How To Host A Holiday Finger Food Party

Picture us, the authors of Big Girls, Small Kitchen, at age twelve or thirteen.

Growing up in New York City, every weekend played host to at least one bar or bat mitzvah. And where would you have found the young quarter-life cooks at these weekly events? Not on the dance floor, getting down. Not by the photographer, grabbing attention from the bar mitzvah boy. No, we were hovering by the door to the kitchen, waiting to accost the poor cater-waiter each time he emerged with a new tray of crab cakes, chicken skewers, or bite-sized pizza.

Jump to today. We still find that finger food trumps main courses at most parties we go to. But, it also translates extremely well to the parties we host at home. Portions are small and price tags are correspondingly affordable. Prep work can usually be done completely ahead of time. Since no one's stuck eating a three-course meal, mingling can occur. If someone doesn't like something you serve, they don't have to push it around their plate, pretending to eat it.

Above and beyond all the practical reasons for hosting finger food parties—and we could go on and on—the fact is, they're fun. They work well in small urban spaces, and they're good for young people with busy lives, whether they're the hosts or the guests.

During holiday season especially, when party invitations are in abundance, we like to get by on the minimum—though a classy minimum it is! By reducing our holiday party menus from ambitious dinner courses to small bites and little sweets, we get to focus our time and space on the most perfect dishes in our repertoire. The resulting parties are low-key in terms of planning, which makes them fun in execution. Which is just what we're going for as quarter-lifers.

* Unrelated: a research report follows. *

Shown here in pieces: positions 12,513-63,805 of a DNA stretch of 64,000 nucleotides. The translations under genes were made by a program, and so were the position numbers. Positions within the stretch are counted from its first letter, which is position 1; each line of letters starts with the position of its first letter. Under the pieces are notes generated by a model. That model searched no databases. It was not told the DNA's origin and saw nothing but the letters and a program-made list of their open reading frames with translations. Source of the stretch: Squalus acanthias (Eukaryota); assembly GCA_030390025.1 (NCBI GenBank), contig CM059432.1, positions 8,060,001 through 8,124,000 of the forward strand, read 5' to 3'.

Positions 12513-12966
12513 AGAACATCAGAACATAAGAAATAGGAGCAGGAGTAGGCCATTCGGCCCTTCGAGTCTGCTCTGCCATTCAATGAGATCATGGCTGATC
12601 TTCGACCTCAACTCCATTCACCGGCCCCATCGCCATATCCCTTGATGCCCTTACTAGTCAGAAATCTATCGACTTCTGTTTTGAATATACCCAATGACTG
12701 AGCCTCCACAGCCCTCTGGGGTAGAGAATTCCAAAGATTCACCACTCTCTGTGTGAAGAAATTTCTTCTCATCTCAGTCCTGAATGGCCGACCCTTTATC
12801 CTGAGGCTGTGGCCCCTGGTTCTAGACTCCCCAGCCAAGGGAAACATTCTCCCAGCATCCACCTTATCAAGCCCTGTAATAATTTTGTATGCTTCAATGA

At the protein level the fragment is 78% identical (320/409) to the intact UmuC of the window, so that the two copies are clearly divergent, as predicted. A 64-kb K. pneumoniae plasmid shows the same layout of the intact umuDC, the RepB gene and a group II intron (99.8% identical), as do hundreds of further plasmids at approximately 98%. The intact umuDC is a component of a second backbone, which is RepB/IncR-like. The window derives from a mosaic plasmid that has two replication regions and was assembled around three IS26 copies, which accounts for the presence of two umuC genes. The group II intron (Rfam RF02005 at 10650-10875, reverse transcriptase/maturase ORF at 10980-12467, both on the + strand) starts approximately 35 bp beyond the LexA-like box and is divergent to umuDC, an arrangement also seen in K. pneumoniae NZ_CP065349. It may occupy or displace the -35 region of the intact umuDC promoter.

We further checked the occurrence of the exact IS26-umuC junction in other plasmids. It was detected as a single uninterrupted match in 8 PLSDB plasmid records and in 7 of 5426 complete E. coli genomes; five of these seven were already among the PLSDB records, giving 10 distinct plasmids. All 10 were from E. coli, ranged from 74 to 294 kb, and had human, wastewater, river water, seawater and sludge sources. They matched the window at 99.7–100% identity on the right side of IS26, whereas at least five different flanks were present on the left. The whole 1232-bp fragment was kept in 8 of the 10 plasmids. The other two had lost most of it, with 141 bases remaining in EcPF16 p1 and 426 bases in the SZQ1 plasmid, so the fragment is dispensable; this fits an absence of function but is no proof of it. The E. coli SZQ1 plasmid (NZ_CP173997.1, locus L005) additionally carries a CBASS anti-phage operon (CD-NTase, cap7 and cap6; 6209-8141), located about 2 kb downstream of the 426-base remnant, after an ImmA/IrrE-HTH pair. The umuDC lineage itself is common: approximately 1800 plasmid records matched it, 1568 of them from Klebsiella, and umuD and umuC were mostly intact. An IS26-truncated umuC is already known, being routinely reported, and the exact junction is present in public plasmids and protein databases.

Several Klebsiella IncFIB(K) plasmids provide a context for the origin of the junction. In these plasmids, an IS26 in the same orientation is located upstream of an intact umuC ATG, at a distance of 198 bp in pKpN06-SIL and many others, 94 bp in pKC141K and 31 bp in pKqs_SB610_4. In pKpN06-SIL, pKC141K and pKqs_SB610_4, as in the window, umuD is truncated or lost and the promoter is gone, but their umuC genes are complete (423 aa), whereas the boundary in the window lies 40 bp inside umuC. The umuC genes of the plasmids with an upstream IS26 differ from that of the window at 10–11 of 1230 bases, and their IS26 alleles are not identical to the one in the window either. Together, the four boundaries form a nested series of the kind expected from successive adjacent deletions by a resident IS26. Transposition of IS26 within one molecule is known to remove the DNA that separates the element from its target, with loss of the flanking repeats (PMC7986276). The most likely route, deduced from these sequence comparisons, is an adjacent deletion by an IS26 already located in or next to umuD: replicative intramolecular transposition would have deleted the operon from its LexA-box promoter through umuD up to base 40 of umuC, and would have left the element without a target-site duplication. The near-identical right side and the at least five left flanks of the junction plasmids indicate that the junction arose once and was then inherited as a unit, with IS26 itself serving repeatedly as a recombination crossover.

Simple Tips For Your Next Finger Foods Party

Think Ahead. Especially if you're hosting, you don't want to do any cooking or prepping once the party starts. A lot of food is good at room temperature, so focus on that. Plus, take into consideration whether food will get soggy. Tea sandwiches, crackers and cheese, and wonton crisps are all durable finger food. If you must have one dish that requires last-minute attention, you can keep it on the menu. Just don't have two.

Neatness Counts. Avoid all dishes that have sticky sauces, and minimize the number of dishes that have sauces at all. Don't overstuff sandwiches—the filling will fall out—and don't use caramel for any reason. Skewers and toothpicks can help you contain any items that might cause a mess. And bread is your friend—it acts as a neat vessel and a sponge.

Simplify the Booze (or Delegate It). If you're supplying the booze, set some kind of limit for yourself. Maybe you'll just serve beer and wine. Perhaps you'll develop a signature cocktail and serve that all evening. Perhaps you'll have two choices of hard alcohol and a few mixers and that's it. Unless you're a total boozehound, don't try to set out a full bar—it's expensive and impractical. Better yet, ask certain friends or all guests to bring the wine of their choice. You'll have a vast assortment without having spent any money, mental energy, or time.